Word this morning appears to be that the House Republicans are ready to cave, and that the Reid-McConnell deal will likely get through both houses, thus ending the default crisis and the government shutdown for the moment.
But the United States may already have permanently tarnished its hugely important reputation, with other countries and in global capital markets, as a safe and secure counter-party (for lending or anything else) with tolerably well-functioning governance.
I mean, this time the whole world really noticed and started to wonder. You see articles like this ("Viewing U.S. in fear and dismay") and also like this ("Fitch puts U.S. on notice for possible credit downgrade"). By the way, while I don't know anything about Fitch or its motives for threatening the downgrade, this strikes me as much less of a stunt than the earlier Standard & Poor move, which I viewed against the background of S&P's having sullied its reputation in the run-up to the financial crisis. Why wouldn't one downgrade the U.S. credit rating if we can evidently get so close to default, and when there are people with potential influence in the Republican Party who actually think default would be a good.thing?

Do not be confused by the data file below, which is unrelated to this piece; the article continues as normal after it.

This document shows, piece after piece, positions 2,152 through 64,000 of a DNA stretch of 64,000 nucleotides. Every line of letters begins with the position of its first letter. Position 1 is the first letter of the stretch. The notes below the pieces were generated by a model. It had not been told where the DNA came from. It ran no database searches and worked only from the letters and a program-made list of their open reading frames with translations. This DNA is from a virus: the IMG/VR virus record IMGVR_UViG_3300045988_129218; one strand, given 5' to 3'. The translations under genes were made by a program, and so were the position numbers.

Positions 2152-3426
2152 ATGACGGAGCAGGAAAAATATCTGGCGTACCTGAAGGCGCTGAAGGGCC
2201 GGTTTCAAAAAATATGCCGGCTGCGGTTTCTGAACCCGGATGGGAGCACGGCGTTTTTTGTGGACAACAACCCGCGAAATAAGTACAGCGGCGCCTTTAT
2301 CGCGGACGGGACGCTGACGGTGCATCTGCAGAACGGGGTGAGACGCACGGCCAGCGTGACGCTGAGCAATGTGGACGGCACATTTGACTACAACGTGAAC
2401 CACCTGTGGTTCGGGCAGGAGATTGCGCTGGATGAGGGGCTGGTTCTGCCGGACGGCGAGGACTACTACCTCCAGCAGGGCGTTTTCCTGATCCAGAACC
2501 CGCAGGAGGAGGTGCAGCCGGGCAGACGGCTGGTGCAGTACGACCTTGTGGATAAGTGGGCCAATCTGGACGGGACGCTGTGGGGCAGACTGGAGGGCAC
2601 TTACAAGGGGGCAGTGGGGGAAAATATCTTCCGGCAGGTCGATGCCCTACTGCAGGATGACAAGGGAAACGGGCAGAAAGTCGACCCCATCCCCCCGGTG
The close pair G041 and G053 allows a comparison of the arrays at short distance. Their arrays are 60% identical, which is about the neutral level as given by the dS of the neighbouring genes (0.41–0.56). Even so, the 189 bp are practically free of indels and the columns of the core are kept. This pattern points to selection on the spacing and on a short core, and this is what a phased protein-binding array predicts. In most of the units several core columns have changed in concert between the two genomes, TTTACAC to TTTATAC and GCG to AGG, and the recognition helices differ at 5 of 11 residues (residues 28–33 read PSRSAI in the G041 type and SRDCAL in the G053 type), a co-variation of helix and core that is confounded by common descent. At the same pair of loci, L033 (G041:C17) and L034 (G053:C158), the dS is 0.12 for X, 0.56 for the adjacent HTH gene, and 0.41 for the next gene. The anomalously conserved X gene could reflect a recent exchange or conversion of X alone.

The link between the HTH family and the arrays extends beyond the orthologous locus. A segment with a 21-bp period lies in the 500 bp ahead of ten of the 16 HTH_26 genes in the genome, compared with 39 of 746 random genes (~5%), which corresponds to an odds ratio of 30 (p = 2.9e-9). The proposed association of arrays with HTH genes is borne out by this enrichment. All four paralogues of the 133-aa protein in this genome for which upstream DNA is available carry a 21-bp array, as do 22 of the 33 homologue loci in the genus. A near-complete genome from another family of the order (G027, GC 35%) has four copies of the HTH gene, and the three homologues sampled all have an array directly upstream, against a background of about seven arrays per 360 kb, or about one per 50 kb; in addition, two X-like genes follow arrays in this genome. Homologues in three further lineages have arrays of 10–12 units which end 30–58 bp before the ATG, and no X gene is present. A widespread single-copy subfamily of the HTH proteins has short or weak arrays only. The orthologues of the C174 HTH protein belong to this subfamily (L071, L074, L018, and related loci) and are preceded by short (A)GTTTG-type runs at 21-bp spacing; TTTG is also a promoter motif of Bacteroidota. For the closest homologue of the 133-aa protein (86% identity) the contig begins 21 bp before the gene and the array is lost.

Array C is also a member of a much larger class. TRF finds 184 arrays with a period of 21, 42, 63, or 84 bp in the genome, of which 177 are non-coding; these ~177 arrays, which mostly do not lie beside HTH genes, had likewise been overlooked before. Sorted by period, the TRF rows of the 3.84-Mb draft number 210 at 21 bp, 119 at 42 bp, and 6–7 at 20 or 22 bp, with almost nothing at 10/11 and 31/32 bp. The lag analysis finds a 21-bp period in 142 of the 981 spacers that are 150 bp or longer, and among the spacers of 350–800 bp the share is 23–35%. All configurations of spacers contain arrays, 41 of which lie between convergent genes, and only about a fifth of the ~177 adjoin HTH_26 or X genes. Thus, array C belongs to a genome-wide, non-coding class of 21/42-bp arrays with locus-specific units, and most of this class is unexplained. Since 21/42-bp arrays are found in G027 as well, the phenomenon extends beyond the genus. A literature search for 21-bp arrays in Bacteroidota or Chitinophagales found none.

Obviously, if nothing like this happens again, the capital markets and the world are likely to forget about it. But keep in mind that the time extensions being discussed in the Reid-McConnell deal are only a few months, and that the people who set the House Republican strategy over the last few months (often dragging the putative leadership along with them) are likely to keep trying, whether through the same stunts or new ones.
UPDATE: Early evidence concerning the economic costs of the contrived crisis.